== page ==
I know I'm lucky. So far, my kids don't have weight problems or food struggles. But I share the pain of the children I see in my practice who are tipping the scales, spilling out of their jeans and heading down a dangerous, unhealthy path. I often see kids, especially ages 6 to 12, who have paused in growing up
but are still growing out
. I also see kids with serious eating disorders like bingeing and purging (anorexia nervosa and bulimia).
Here's the thing: If your child eats compulsively, it may be a way to tune out (Is there trouble at home?) or escape when life gets stressful (Problems at school?). You and your family doctor need to get at those feelings and help your child develop ways to cope with them.
Most of the time, you'll find compulsive eating has nothing to do with hunger. It's a habit kids—and adults—develop to ease stress, depression, anxiety or even boredom. The other day, my daughter told me she was hungry just an hour after she had eaten. Turns out she was bored and didn't know what to do with herself. I pulled out a puzzle, and we got busy on that. So much for being hungry.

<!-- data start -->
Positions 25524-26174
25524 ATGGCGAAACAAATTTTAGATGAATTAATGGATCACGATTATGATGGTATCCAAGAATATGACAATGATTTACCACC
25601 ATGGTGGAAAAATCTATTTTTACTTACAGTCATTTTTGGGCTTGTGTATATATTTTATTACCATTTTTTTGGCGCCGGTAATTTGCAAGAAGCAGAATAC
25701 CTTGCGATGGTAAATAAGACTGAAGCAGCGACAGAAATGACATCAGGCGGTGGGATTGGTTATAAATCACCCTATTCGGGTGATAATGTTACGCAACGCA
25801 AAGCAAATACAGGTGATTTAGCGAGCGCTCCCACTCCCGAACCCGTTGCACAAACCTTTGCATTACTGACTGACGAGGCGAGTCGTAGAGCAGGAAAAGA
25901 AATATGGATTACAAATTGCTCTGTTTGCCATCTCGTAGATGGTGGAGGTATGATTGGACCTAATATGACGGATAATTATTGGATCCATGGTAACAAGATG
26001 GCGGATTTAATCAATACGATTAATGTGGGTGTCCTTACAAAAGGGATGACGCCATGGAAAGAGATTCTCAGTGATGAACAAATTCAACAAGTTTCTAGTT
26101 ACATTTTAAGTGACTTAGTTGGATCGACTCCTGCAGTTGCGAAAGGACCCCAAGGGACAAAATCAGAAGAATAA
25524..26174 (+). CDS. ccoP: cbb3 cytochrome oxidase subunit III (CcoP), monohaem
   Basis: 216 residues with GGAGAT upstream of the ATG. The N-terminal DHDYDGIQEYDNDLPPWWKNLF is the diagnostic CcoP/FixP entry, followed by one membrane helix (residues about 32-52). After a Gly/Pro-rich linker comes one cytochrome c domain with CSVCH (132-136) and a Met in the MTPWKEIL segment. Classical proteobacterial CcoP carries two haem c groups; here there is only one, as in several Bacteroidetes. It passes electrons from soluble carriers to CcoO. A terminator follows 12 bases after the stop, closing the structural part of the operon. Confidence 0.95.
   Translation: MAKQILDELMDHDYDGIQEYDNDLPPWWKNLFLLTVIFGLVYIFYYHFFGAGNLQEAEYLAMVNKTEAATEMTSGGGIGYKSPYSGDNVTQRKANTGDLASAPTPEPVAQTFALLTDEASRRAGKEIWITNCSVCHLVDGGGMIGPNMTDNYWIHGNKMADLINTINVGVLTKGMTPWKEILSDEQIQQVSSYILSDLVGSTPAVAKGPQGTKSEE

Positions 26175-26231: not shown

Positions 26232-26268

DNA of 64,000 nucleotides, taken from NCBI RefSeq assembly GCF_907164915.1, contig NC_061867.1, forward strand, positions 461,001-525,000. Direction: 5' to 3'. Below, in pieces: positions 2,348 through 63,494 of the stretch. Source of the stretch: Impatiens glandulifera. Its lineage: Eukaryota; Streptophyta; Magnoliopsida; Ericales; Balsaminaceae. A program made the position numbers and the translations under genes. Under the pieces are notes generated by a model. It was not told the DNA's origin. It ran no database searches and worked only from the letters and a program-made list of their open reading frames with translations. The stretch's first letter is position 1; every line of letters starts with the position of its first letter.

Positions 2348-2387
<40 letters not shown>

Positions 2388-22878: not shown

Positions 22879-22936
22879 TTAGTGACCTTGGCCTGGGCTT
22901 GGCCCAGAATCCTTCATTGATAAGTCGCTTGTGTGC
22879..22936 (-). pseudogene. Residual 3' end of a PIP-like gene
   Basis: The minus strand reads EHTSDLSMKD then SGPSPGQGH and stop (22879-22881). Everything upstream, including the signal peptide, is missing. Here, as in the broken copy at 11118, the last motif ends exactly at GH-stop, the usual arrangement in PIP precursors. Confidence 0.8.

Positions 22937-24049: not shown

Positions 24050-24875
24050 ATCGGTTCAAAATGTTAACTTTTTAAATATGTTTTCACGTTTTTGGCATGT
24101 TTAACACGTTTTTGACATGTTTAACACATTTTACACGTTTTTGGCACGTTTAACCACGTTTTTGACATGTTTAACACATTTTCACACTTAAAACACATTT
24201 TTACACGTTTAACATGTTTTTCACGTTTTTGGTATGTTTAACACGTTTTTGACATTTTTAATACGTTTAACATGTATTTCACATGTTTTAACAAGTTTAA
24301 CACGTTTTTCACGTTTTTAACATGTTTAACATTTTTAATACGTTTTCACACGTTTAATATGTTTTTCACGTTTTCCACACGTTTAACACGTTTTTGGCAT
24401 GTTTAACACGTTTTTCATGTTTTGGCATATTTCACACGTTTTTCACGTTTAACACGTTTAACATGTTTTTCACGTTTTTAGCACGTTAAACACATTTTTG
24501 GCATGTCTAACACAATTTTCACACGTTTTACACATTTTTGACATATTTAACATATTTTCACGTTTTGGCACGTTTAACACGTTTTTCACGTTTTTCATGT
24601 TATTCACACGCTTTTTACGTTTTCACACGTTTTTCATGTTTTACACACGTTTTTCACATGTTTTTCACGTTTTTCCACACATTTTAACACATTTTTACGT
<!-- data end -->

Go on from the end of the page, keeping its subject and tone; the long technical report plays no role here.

My advice? Get in prevention mode now so you don't have an unhappy, unhealthy child in a few years and a miserable young adult a few years after that. Trust me, I know what you're up against: Your kids have friends who are allowed to eat a steady diet of food from your not-a-chance list ("But mom, all my friends eat chips and onion dip after school.") and TV commercials touting the latest fat-filled lunch box junk.
Then there's the other extreme: My son Eric had a friend over and I walked into the kitchen to find him going through my cabinets. He confessed he was looking for the "candy junk closet" and was surprised when I said we didn't have one. Turns out he was so deprived of any
treats in his home that he prowled friends' kitchens. You need to be careful not to be the food police to the point of deprivation.Prevent obsessive eating with healthy habits